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Wednesday, April 23, 2014

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Library displays American Indian photos through Oct. 24

Photographs by Edward Sheriff Curtis (1868-1954), one of the most influential documentarians of American Indian life, customs and folklore, are now on display through Sunday, Oct. 24, in the main exhibition gallery of Firestone Library .

The exhibition, "The North American Indian: Photographs by Edward Curtis, 1895-1927," commemorates the 50th anniversary of Curtis' death. Although his sepia-toned portraits of American Indians are widely familiar, the self-taught Curtis was largely forgotten until a revival in the 1970s popularized his work.

The Friends of the Princeton University Library will sponsor two films in conjunction with the exhibition. "Coming to Light: Edward S. Curtis and the North American Indians" (2000) will be screened at 7 p.m. Thursday, Oct. 14, in 106 McCormick Hall. Curtis' own film "In the Land of the War Canoes" (1914) will be shown at 7 p.m. Tuesday, Oct. 19, in the Frist Campus Center theater.

In 1901, Curtis conceived of a monumental project to chronicle the heritage of rapidly disappearing American Indian tribes. The project he initially believed would take five years to complete ultimately consumed three decades of Curtis' life, during which he took more than 40,000 photographs and visited more than 80 tribes. His efforts culminated in "The North American Indian (1907-1930)," a 20-volume work organized by tribe and area from the Great Plains to Alaska.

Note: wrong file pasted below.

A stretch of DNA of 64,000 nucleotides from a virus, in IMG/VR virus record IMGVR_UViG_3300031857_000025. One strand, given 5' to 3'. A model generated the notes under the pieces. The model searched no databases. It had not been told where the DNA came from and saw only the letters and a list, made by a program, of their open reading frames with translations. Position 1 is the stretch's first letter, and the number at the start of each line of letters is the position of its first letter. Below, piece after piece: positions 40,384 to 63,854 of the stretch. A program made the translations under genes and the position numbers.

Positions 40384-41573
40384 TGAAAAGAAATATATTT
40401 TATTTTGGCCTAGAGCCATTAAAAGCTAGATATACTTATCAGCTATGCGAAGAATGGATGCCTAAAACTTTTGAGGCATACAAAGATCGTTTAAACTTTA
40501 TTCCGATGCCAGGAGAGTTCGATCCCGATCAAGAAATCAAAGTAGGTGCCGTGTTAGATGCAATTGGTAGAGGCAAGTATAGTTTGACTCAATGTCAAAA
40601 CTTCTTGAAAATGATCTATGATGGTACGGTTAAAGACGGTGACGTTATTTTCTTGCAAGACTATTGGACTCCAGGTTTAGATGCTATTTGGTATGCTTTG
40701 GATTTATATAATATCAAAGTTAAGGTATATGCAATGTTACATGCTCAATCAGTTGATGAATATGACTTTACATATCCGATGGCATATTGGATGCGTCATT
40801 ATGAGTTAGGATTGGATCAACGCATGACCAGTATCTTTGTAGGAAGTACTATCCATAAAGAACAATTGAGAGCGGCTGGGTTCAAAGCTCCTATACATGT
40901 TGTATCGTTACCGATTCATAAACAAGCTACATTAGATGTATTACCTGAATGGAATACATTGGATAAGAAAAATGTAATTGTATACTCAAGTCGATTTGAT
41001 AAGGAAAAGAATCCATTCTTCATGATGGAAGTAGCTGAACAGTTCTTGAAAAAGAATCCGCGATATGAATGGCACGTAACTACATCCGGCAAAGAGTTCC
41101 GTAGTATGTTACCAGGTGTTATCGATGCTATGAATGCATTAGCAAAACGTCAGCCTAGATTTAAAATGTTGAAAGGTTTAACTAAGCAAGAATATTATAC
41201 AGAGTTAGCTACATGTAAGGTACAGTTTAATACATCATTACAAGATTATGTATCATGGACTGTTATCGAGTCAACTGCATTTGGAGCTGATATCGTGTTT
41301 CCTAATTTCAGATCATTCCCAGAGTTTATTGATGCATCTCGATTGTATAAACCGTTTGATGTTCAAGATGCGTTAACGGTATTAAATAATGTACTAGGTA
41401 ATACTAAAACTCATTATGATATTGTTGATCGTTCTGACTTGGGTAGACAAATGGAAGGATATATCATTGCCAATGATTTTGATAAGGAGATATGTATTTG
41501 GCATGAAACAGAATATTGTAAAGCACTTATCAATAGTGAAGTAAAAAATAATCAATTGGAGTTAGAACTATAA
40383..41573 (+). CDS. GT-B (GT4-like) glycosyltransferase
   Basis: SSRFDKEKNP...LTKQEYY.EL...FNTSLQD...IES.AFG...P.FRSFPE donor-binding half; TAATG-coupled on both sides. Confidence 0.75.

On display in the library exhibition will be two dozen photographic plates that feature the variety of dwellings created by various Indian tribes west of the Allegheny Mountains. Of particular interest are the materials used for construction -- including animal skins, grass, sticks, mesquite and stone -- and the intriguing ways in which they were adapted.

Also included will be pictures of Curtis in the field and commentary about the significance and innovation of his photography. Curtis was among the first photographers to manipulate his images by altering negatives, reducing the depth of field with a large aperture, and adopting the tight cropping and full-face or profile formats characteristic of ethnographic photography. His mastery and concern with creating photographs that are works of art distinguished him from his contemporaries.

Gallery hours are 9 a.m. to 5 p.m. on weekdays (and until 8 p.m. Wednesdays beginning Sept. 15), and noon to 5 p.m. on weekends. For more information, call (609) 258-3184.

Contact: Eric Quinones (609) 258-3601

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